As if torn from the subplot of a Hollywood spy thriller, Edward Snowden papers prove that the NSA has been monitoring Bitcoin users around the world for years. What is more, they may have used information in illegal prosecutions.
Snowden Leak Exposes NSA Tapping Program
The Intercept is reporting that a classified document leaked by Edward Snowden dated March 2013 contains detailed descriptions of National Security Agency operations that were used to track down and identify cryptocurrency users. Excerpts of the report reveal that the top-secret program code-named Oakstar was primarily initiated to monitor the flow of money between terrorist organizations.
The NSA specifically targeted Bitcoin users through a subprogram of Oakstar called MONEYROCKET. Advertised in 2012 on the web as a “non-Western Internet anonymization service.” MONEYROCKET targeted users mostly in the Middle East, Asia and some parts of Eastern Europe.
The program worked as a dupe to lure users into using it, thinking they were gaining a deeper level of anonymity when actually it allowed the NSA to tap directly into user data and browsing history.
By gaining access to user’s systems they were able to collect passwords, user sessions and media access control addresses which gave them personal information such as IP addresses and billing details. The agency was set on making connections between their Bitcoin targets and the data they processed.
The NSA document reveals details of how MONEYROCKET worked in Europe by tapping into fiber-optic lines and siphoning information directly to their European Technical Center in Wiesbaden, Germany, and also how there were corporate partnerships in the US. Meetings in Northern Virginia between telecom partners and NSA affiliated agents are detailed in the document. Though Bitcoin wasn’t the only target of the program, it also sought out now-defunct Liberty Reserve, it was the main focus.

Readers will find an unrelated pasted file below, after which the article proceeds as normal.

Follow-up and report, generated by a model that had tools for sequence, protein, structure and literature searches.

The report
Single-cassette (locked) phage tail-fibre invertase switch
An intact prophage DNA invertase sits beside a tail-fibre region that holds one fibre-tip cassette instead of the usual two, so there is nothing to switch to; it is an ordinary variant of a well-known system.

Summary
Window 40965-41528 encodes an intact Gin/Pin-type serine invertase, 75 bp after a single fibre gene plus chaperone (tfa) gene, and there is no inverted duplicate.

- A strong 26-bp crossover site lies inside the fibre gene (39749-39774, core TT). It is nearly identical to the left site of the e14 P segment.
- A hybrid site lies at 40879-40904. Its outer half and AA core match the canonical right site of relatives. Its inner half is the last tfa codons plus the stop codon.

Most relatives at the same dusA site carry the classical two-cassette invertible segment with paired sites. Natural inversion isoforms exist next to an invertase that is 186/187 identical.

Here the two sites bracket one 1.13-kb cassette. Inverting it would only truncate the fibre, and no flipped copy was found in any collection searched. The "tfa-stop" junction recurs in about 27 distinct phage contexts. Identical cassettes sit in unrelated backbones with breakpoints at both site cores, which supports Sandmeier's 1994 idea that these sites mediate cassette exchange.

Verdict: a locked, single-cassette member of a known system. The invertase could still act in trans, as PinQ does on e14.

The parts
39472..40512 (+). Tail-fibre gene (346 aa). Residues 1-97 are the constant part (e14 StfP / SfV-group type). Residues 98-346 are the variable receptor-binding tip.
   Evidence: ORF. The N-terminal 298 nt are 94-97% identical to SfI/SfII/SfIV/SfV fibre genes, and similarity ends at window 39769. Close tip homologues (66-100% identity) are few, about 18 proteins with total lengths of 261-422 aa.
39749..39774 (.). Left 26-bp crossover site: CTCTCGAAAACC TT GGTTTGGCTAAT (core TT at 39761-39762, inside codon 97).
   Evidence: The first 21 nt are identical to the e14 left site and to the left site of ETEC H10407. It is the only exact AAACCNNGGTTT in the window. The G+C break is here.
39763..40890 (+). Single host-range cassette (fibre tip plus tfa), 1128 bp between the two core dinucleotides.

Program May Have Been Used to Gather Evidence Illegally
Intercept speculates that this program may have been fundamental to the FBI’s evidence against SilkRoad operator Ross Ulbricht. Part of Ulbricht’s defense during his trial for money laundering was that the FBI must have obtained some of the evidence against him illegally.
The leaked documents make no specific reference to Ulbricht but they do show that MONEYROCKET was targeting Bitcoin users about six months before he was arrested. This is a major concern among civil libertarians who claim that the government uses these types of programs to convict citizens in a process called “parallel construction”.
Though primarily MONEYROCKET was used for counter-terrorism purposes the program branched out to trace Bitcoin users involved in international crime and narcotics. Matthew Green, assistant professor at the Johns Hopkins University Information Security Institute, reacted to the report by calling the NSA’s actions “pernicious” and adding;
“[This is] bad news for privacy, because it means that in addition to the really hard problem of making the actual transactions private … you also have to make sure all the network connections [are secure],”